“The complaint seeks declaratory and injunctive relief, alleging that the Legal Services Provisions of the CSA violate California’s Consumer Legal Remedies Act, California Civil Code §§ 1750, et seq. and California’s Unfair Practices Act, California Business & Professional Code §§ 17200, et seq.” Ting, 182 F.Supp. at 921.
 See id. The provision states that “any claim or dispute arising out of or relating to this agreement must be brought within two years after the date the basis for the claim or dispute first arises.” Id.
 § 1783 of the California Legal Remedies Act (“CLRA”) provides, in pertinent part: “Any action brought under the specific provisions of Section 1770 shall be commenced not more than three years from the date of the commission of such method, act, or practice.” Id. See also Armendariz v. Foundation Health Psychcare Services, 24 Cal. 4th 83, 101 (2000) (stating the rule that “parties agreeing to arbitrate statutory claims must be deemed to ‘consent to abide by the substantive and remedial provisions of the statute. Otherwise, a party would not be able to fully vindicate his or her statutory cause of action in the arbitral form.’”).
 See Compl. on Behalf of Darcy Ting, supra note 20, at 8.
 23 Cal. 4th 429 (2001).
 Id. at 445. The Court further stated that “defendants should not profit from their wrongdoing simply because their conduct harmed large numbers of people in small amounts instead of small numbers of people in large amounts.” Id. at 446.
 See Arbitration Provision, supra note 22. The CSA further states that “no dispute may be . . . resolved on a class-wide basis.” Id. at § 7(a).
 Section 1781 (a) of the CLRA provides, in pertinent part:
Any consumer entitled to bring an action under Section 1780 may, if the unlawful method, act, or practice has caused damage to other consumers similarly situated, bring an action on behalf of himself and such other consumers to recover damages or obtain other relief as provided for in Section 1780.
See also Cal. Civ. Code § 1780(a).
 Significantly, the CLRA contains an anti-waiver provision which provides: “any waiver by a consumer of the provisions of this title is contrary to public policy and shall be unenforceable and void.” Id at § 1751. Section 1751 is to be read in conjunction with CLRA § 1770(a)(19), which provides, in pertinent part: “(a) The following unfair methods of competition and unfair or deceptive acts or practices undertaken by any person in a transaction intended to result or which results in the sale or lease of goods or services to any consumer are unlawful: . . . (19) Inserting an unconscionable provision in the contract.” Id.
A party may request in writing that the arbitrator hold one hearing by telephone. The telephonic hearing may occur even if the other party refuses to participate. An additional $100 fee will be charged to the business for a telephonic hearing. If a party wants to have an in-person hearing, instead of a telephonic hearing, the dispute must be administered under the AAA’s Commercial Arbitration Rules.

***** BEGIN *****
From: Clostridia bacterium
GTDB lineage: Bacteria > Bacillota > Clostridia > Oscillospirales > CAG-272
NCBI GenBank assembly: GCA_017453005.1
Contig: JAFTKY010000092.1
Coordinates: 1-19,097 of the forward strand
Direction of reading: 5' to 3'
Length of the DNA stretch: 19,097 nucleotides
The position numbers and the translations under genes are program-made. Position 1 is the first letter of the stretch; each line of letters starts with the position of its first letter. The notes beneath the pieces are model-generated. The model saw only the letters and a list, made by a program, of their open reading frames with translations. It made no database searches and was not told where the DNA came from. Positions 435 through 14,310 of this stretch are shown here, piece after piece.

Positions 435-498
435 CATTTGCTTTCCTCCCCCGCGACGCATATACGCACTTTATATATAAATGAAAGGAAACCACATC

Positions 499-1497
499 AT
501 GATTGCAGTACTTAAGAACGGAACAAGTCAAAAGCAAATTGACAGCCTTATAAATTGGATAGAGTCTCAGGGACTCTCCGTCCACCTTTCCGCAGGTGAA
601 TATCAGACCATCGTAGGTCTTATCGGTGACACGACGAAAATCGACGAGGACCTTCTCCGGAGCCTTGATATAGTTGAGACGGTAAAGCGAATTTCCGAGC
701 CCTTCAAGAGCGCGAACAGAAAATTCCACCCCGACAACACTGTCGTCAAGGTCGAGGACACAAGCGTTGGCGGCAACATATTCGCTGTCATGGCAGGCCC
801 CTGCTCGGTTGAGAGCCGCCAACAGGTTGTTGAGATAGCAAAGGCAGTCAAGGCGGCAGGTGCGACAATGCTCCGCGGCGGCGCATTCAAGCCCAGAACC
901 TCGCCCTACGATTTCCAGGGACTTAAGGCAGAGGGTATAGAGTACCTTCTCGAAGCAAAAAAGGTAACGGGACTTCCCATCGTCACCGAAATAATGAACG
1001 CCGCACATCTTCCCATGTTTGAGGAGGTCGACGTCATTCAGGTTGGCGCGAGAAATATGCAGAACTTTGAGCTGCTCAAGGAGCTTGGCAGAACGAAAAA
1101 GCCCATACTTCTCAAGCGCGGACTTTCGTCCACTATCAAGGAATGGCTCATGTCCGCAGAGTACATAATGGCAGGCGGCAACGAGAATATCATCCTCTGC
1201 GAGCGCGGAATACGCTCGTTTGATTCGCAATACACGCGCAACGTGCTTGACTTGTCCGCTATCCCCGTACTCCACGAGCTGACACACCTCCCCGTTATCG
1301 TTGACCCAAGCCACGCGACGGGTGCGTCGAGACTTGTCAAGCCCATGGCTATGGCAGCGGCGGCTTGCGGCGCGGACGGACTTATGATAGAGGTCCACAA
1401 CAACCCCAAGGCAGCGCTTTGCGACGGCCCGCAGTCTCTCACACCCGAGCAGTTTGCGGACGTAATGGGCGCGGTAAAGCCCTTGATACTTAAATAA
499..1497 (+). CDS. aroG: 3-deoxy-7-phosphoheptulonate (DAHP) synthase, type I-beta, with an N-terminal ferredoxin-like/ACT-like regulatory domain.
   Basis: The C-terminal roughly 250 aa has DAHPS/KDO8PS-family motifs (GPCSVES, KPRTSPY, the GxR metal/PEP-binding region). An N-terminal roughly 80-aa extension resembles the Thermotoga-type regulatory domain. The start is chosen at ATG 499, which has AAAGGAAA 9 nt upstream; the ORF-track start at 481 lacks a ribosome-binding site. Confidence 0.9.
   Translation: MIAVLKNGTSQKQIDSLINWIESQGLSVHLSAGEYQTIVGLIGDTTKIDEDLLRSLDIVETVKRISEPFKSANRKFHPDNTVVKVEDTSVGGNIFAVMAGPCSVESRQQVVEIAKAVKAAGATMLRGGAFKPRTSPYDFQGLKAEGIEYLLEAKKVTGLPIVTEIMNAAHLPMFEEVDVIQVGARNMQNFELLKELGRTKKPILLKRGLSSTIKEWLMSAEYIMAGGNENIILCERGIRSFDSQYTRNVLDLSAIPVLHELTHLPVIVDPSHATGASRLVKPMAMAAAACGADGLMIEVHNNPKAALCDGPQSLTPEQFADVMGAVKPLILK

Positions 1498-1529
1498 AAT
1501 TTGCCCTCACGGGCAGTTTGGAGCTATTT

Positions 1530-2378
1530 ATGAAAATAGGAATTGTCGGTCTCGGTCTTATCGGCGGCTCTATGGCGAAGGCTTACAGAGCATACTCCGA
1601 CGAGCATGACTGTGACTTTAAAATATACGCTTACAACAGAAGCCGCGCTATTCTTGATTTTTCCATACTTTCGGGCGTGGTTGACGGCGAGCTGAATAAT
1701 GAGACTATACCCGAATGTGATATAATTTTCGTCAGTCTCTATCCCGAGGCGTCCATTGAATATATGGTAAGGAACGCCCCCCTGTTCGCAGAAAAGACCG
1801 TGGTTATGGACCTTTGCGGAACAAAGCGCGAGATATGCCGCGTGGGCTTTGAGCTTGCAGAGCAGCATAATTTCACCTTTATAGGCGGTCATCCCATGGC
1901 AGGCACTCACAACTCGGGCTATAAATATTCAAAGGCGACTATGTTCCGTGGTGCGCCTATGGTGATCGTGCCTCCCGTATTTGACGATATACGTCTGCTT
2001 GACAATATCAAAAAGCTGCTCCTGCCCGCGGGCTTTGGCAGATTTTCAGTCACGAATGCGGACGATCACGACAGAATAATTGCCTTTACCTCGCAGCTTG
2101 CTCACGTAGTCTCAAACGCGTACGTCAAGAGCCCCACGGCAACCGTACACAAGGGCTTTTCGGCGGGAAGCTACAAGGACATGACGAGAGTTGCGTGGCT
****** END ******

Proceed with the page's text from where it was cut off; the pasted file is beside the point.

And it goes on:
See also AT&T Consumer Services Dispute Resolution (Arbitration) Process, http://www.serviceguide.att.com/ACS/ext/arb.cfm (last visited Feb. 9, 2002).
See AAA Rules, supra note 38. Rules 51 and 54, respectively, of the AAA’s Commercial Rules provide, in pertinent part:
“Administrative Fees”: The AAA shall prescribe an initial filing fee and a case service fee to compensate it for the cost of providing administrative services. The fees in effect when the fee or charge is incurred shall be applicable.
The filing fee shall be advanced by the party or parties making a claim or counterclaim, subject to final apportionment by the arbitrator in the award. The AAA may, in the event of extreme hardship on the part of any party, defer or reduce the administrative fees.
“Deposits”: The AAA may require the parties to deposit in advance of any hearings such sums of money as it deems necessary to cover the expenses of the arbitration, including the arbitrator’s fee, if any, and shall render an accounting to the parties and return any unexpended balance at the conclusion of the case.
See also AT&T Consumer Services Dispute Resolution (Arbitration) Process, supra note 38.
 See Complaint on Behalf of Darcy Ting, supra note 20, at 10-11.
 See id.
 See id.
Different AAA arbitrators charge different hourly rates. To estimate the costs of an arbitration to be conducted under the AAA’s Commercial Rules, a claimant must learn the hourly rate of the arbitrator who will hear the case. To determine the hourly rate of the specific AAA arbitrators who may hear a particular case under AAA’s Commercial Rules, a claimant must first initiate an arbitration with the AAA and, unless the fee is waived or deferred by AAA, must pay any filing fee. This makes it difficult for a class member before filing to meaningfully estimate the cost to have the case arbitrated under the Commercial Rules. Neither the AAA website or rules, nor the AT&T website, provides a class member with any information about likely arbitrator’s fees.